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Saturday, July 20, 2024

DC 2040

The bullet train pulls into Union Station around noon. I look up from my laptop-phone and see people grabbing their Smart Bags before shuffling to exit the brightly lit car. The novelty of high-tech luggage never gets old for me, what with its air-compression and efficient-storage capabilities. Perhaps it’s the journalist in me who enjoys observing the outlines of these bags, the shape of people’s stuff, and wondering what’s inside.

I’m back in DC for a media conference, slated for tomorrow. It’s been a few years since I last visited, for a series of talks at several independent bookstores across the city. There are more such stores now than I recall there being when I lived here, from 2014 to 2020—the former the year I moved to the city and started covering it as a reporter; the latter the year coronavirus hit and upended much of the world as we knew it. I’m surprised by this business expansion, given online retailers’ outright dominance in book sales, not to mention the fact that most of us are  pretty much constantly glued to our laptop-phones.

Then again, it’s 2040, and our remaining bookstores largely serve as event/co-working spaces that sell audiobooks, food, and drink, in addition to the usual literature. At some stores, drones fetch ordered books from nearby storage facilities, as customers sip on shots of espresso and glasses of wine. Bless the readerly Washingtonians who keep the checks coming!

I walk into the main hall of Union Station by way of the Amtrak concourse, redesigned 10 years ago. The concourse is much bigger and more welcoming than it used to be, though the project was delayed for years and went over budget by tens of millions of dollars. Same as it ever was in Washington.

Except that it’s not. So much has changed about this city, and I can’t help but feel both amazed and a little wistful about the differences.

Tent Encampments and A Reliable Metro
The main hall is as beautiful as ever, with its arched ceilings and perched statues. Now, though, the floor space is like a bazaar. It’s occupied by vendors whom the station’s directors brought in to enliven the atrium or, as activists alleged, keep out homeless folks. Every time I pass through, I’m disheartened by the jarring contrast between all the commerce inside Union Station—people buying candles and soaps and cannabis products made in DC—and the privation right outside. Tent encampments cover the sidewalks surrounding the 1907 Beaux-Arts building. They extend tent by tent into NoMa, downtown, and Capitol Hill.

I walk by them as I make my way to the Metro station below. The shortage of affordable housing was the most pressing issue facing the region when I lived here, and it’s clear that it hasn’t gone away. Mayor after mayor pledged to see more homes built while lifting low-income residents out of poverty, but none of them moved swiftly or vigorously enough to meet the true need. By 2030, nearly 20,000 people were recorded as unhoused, according to the city’s major hometown news outlet, and the median rent for a two-bedroom unit was more than $3,500. The District’s shelters became so crammed that a coalition of nonprofit advocacy organizations sued the city over their abhorrent conditions, including unhygienic bathrooms and lax security. It didn’t help matters that DC’s stock of public housing, long underfunded and neglected, went by the wayside in favor of mixed-income developments that failed the city’s poorest, who had few living alternatives, if any.

It was harrowing to watch, even from afar. A spate of homeless deaths caused by disease and violence, along with a critical mass of constituents fed up with exorbitant real estate prices and visible penury, led the then-mayor (the city’s first white one) and councilmembers to build extra shelters and rewrite the zoning code. The latter action allowed for denser development not only near Metro stops but in residential neighborhoods dominated by single-family homes. Yet, while the zoning update helped stabilize overall housing costs in the next decade, it wasn’t enough to reverse the exodus of large families from the city—some of which had begun after the outbreak of COVID-19, with more people switching to teleworking—or the surge in homelessness. In this respect, even San Francisco and California at large took bolder measures to assuage their own housing crisis than DC and its neighboring states did to alleviate theirs.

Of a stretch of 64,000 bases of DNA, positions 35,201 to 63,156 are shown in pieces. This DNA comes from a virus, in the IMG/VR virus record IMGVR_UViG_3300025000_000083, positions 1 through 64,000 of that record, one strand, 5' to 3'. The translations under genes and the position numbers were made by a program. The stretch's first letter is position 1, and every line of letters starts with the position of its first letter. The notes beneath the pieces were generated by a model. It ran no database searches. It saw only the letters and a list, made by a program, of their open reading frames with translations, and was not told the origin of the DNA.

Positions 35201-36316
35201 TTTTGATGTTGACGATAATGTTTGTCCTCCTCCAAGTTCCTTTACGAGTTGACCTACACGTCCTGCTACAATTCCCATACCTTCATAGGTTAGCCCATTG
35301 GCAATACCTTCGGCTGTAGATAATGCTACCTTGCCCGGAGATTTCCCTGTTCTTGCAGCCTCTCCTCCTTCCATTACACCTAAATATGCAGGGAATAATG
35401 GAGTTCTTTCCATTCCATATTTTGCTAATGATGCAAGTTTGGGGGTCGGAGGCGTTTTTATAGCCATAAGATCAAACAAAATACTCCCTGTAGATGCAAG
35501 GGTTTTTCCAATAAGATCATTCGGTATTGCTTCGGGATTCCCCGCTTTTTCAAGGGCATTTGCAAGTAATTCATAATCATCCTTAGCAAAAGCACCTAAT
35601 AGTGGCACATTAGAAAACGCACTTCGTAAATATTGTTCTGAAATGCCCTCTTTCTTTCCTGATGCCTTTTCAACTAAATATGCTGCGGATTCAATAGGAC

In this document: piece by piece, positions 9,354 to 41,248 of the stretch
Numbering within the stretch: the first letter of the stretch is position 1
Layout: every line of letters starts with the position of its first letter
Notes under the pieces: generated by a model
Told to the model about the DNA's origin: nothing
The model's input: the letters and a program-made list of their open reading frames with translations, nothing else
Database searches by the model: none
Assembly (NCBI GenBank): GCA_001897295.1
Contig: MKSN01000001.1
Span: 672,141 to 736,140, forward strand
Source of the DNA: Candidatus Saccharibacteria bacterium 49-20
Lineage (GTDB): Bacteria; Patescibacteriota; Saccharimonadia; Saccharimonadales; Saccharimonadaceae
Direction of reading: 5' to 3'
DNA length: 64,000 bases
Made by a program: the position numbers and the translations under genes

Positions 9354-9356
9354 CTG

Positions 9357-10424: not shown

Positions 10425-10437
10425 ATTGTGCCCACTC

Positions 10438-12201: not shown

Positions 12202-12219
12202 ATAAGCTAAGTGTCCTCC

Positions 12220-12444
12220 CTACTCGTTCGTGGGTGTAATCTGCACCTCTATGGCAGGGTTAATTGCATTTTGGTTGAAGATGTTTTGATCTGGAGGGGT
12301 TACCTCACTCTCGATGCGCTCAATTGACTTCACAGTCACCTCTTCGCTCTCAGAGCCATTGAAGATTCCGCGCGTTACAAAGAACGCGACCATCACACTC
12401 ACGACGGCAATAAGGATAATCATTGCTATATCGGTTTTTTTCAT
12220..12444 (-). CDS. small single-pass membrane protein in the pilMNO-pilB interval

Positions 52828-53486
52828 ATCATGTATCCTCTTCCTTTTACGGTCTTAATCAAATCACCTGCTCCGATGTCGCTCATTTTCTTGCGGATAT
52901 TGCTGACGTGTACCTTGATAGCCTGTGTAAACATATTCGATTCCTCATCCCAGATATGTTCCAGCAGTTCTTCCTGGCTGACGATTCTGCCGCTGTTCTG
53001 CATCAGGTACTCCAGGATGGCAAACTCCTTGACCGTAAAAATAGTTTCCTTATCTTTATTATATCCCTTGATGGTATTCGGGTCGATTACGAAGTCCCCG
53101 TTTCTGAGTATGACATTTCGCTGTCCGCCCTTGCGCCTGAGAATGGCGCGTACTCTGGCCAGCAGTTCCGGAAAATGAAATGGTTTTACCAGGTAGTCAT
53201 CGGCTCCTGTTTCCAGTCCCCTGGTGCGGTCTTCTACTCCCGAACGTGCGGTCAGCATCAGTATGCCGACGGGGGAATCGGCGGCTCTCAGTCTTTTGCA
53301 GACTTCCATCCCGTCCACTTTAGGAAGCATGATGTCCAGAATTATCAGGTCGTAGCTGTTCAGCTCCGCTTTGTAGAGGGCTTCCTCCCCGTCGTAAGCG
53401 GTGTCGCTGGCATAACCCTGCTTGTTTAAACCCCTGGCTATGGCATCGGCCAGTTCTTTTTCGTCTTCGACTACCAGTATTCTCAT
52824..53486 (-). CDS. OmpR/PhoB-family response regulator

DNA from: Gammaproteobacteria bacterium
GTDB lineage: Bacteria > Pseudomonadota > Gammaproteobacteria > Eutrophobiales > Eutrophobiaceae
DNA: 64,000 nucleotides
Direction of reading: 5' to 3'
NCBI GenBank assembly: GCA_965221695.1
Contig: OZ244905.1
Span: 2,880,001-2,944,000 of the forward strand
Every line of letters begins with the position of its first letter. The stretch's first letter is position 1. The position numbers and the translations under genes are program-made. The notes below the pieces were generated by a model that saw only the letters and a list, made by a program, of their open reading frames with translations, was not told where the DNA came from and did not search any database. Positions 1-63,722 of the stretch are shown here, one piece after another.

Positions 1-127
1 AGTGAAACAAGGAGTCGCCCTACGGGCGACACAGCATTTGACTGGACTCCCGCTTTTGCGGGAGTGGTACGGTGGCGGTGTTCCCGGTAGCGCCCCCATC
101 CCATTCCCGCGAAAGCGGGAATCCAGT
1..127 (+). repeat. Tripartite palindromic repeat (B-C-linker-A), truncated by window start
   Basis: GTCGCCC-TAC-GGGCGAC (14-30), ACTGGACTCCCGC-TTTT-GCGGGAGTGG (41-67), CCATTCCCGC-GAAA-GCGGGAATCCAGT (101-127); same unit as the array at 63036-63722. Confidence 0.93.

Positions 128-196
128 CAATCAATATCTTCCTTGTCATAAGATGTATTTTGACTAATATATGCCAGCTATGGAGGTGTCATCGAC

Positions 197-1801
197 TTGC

I wait a couple of minutes for a train to arrive on the Red Line as I ponder this recent history. I’m headed to the hotel I’ve booked in Dupont Circle, my old haunt. It’s incredible how quickly Metro runs these days, especially compared with my first years as a DC resident. Service meltdowns were common, and phrases like “arcing insulator” became part of the lingua franca. Today, the trains come frequently, if not on time, thanks in part to additional funding Metro secured from the local jurisdictions and Congress roughly 12 years ago. In the 2020s, the traffic congestion got so bad that the politicians had no real choice but to invest more money in Metro, lest they look as if they didn’t care about suffering suburban commuters or greenhouse gas emissions.

And it’s free to ride. As it should be: I always found charging fares for public transit to be morally indefensible. (Most places don’t charge access for public parks or roads.) While commuters still have to walk through individual entrance gates so Metro can track ridership, it’s a relief that the contemporary gates open in under a second and don’t cause as many bottlenecks as the gates of yesteryear did. I absolutely hated having to come to a near-halt to tap my SmarTrip card at a gate and then hold back as the gate retracted. This was the 21st century—not the 20th—in one of the most prosperous cities in the world. After the coronavirus pandemic abated, I was glad to see ridership bounce back and eventually grow. It meant that people still saw the value of cities.

Climate and Built-Environment Changes
The oncoming Metro train pulls into the station and I board. It’s only midday, but there are a ton of people in the car. “Cherry blossom season,” I think. No wonder the hotel rate was so high.

The groups of tourists around me look either excited or like they don’t know what to expect of the nation’s capital in a presidential election year. I bet they don’t realize that for most District residents, it’s basically the same as any other year. Maybe I’ll turn out to be wrong, and 2040 will be a huge deal for DC after all: Congressional hearings on statehood are occurring while Democrats control both the House of Representatives and the White House. I do hope they’ll get it done before November, but I’m not holding my breath with this Senate. You’d think 2016 (and, ugh, 2020) ingrained in us the reality that elections have consequences. I’m honestly not so certain, given the dysfunctional nature of our two-party politics, which seem as American as apple pie. (Lest we forget, even Obama cut a deal with Republicans that frustrated the District’s independence.) Perhaps it’s the journalist in me who’s a cynic. Or at best, a stubborn skeptic.